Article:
The commitments, statements of eligibility, and applications in process, all classified as "active case workload," brings the number of projects to 493, the units to 56,000, and the dollar volume to $520 million. A table containing these statistics is attached to this statement. For purposes of comparison with other parts of the Government's overall housing program, it should be of interest to this committee to know that in the years 1951, 1952, and 1953 the number of units proeessed by the Rental Housing Division of FHA under section 207 totaled 18,108 housing units for a mortgage amount of $128,883,000. In contrast, the cooperative housing section, 213, processed 25,633 units for insured mortgage value of $242,192,000.

As you will see, the amount of housing being built under cooperative housing is substantially greater already than under the 207 rental housing section, which has been on the books for many, many years.

It is difficult to compare these with the public housing program of the same period; but during those 3 years PHA built 126,718 lowrent public housing units. A year-by-year tabulation of these figures is also attached.

I presume this only to show you in perspective the relative size of the programs under consideration.

During the last year the mortgage market for cooperative housing has been particularly tight, and even as the market has eased somewhat the available capital for cooperative projects has been hampered sharply by some unfortunate experiences on the financing of some builder-sponsored projects in New York City which have prejudiced some lending institutions against any of the 213 projects, whether builder-sponsored or those initiated by consumer or public interest groups. Your committee last week heard Harry Held, vice president

of the Bowery Savings Bank, say very pointedly that the purpose of the present act should be

to encourage true cooperatives *** not merely to enable promoters whose motive is profit to capitalize on such development in the guise of helping the eventual cooperative owners.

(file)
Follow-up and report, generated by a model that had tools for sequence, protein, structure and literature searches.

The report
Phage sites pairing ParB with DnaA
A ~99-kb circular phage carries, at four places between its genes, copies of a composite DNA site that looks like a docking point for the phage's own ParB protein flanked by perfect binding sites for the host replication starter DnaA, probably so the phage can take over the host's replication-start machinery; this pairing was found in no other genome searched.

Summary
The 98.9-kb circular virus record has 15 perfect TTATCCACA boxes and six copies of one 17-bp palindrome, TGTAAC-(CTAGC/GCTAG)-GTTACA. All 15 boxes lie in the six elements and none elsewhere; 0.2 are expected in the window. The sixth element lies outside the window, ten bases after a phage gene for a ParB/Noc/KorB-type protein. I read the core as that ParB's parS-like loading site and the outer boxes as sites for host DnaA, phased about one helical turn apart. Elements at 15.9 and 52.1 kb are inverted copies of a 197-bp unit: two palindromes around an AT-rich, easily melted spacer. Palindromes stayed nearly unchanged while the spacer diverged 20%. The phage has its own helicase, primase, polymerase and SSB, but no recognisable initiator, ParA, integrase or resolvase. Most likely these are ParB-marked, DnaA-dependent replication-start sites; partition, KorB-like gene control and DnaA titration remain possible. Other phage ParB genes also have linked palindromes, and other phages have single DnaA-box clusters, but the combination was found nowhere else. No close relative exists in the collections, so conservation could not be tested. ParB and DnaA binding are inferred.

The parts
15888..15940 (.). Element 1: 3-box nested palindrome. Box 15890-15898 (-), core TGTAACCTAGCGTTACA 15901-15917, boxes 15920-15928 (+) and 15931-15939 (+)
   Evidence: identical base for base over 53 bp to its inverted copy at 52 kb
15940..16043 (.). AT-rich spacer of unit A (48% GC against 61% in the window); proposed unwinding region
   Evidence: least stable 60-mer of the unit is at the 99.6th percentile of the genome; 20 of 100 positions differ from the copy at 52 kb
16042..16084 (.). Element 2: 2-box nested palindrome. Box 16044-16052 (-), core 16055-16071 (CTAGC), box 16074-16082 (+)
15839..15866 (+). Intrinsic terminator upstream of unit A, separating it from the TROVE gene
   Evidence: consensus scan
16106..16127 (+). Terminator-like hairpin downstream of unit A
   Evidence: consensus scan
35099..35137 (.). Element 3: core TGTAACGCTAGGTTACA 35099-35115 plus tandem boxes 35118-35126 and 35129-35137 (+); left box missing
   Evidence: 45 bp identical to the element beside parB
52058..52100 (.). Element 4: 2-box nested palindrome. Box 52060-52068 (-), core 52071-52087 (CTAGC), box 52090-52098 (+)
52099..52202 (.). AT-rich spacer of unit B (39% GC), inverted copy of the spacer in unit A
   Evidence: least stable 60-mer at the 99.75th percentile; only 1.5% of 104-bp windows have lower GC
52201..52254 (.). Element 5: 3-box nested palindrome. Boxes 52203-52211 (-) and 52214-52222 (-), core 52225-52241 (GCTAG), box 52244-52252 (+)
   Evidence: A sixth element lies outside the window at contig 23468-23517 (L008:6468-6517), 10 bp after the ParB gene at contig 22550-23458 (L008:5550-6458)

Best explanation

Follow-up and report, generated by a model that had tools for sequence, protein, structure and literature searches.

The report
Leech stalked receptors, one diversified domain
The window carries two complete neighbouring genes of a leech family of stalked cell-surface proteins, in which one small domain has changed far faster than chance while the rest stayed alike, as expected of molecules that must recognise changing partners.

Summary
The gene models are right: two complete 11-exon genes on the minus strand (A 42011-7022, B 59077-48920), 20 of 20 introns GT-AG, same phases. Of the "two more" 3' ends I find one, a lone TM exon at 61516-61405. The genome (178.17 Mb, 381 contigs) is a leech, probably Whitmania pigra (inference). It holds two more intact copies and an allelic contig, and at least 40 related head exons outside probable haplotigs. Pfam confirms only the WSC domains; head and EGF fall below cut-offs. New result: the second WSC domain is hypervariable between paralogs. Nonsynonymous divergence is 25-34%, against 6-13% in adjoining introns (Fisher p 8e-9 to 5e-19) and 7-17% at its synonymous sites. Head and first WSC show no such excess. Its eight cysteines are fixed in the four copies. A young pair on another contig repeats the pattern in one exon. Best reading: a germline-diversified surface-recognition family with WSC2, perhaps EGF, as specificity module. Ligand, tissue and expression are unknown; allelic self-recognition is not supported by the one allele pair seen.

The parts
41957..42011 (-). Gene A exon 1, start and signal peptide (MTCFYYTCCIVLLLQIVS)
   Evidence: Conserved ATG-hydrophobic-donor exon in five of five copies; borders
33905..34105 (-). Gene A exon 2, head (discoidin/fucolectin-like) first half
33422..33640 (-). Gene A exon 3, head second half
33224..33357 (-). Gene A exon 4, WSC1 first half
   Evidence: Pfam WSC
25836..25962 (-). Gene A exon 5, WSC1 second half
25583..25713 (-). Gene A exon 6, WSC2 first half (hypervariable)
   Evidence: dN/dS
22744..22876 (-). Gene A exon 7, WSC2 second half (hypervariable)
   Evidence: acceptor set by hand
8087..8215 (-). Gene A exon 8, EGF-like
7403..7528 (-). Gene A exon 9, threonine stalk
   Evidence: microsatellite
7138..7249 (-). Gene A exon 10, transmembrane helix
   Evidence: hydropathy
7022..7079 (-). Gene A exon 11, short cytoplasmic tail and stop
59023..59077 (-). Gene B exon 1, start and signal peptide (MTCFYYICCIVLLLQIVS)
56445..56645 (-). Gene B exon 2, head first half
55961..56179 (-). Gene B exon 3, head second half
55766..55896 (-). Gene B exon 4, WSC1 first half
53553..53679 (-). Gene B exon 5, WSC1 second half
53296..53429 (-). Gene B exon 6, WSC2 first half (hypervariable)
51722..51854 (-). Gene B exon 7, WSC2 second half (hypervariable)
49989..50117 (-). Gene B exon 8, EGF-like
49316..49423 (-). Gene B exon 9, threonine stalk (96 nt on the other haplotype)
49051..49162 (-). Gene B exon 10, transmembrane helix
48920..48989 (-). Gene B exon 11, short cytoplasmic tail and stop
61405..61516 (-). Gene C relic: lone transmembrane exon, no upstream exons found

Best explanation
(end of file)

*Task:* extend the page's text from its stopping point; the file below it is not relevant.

The Bowery Savings Bank has had a long history of very successful and satisfactory financing of cooperative housing projects. Mr. Held is very proud of his bank's record in that field.

In spite of the shortage of mortgage money, the cooperative section. of FHA has completed commitments on mortgage insurance for 24 new projects since January 1, 1954. These totaled 877 units, with a total mortgage value of in the neighborhood of $8 million. The projects were in New York, New Jersey, Louisiana, Oklahoma, Arizona, and Nevada.

There has been a great deal of criticism of the role of the buildersponsor in the FHA 213 cooperative housing program. I would like to take a moment or two to try to clarify this situation. The cooperative league is not here to justify or defend the builder-sponsored cooperative projects, but we should point out that an energetic and aggressive builder, meeting the legal requirements of the cooperative section of FHA, has just as much right to build cooperative housing projects as do the consumer-sponsored organizations. While there are shortcomings to such sponsorship, it has proved to be almost universally true that the product created by these builder-sponsors has been as good or better than the average FHA-insured project. The downpayments to consumers have been lower, on the average, and because of the financing arrangements the monthly payments have been lower than for any other part of the FHA program.

In other words, even though these are not consumer-sponsored, they have turned out to be a better buy for the consumer than other forms of housing. The two most important factors responsible for this result in the builder-sponsored co-op have been the comparatively low interest rate, from 4.25 percent on management-type projects, and 4.5 percent on sales type-and 40-year amortization of mortgages, which is considerably longer than any other part of the FHA mortgage repayment program.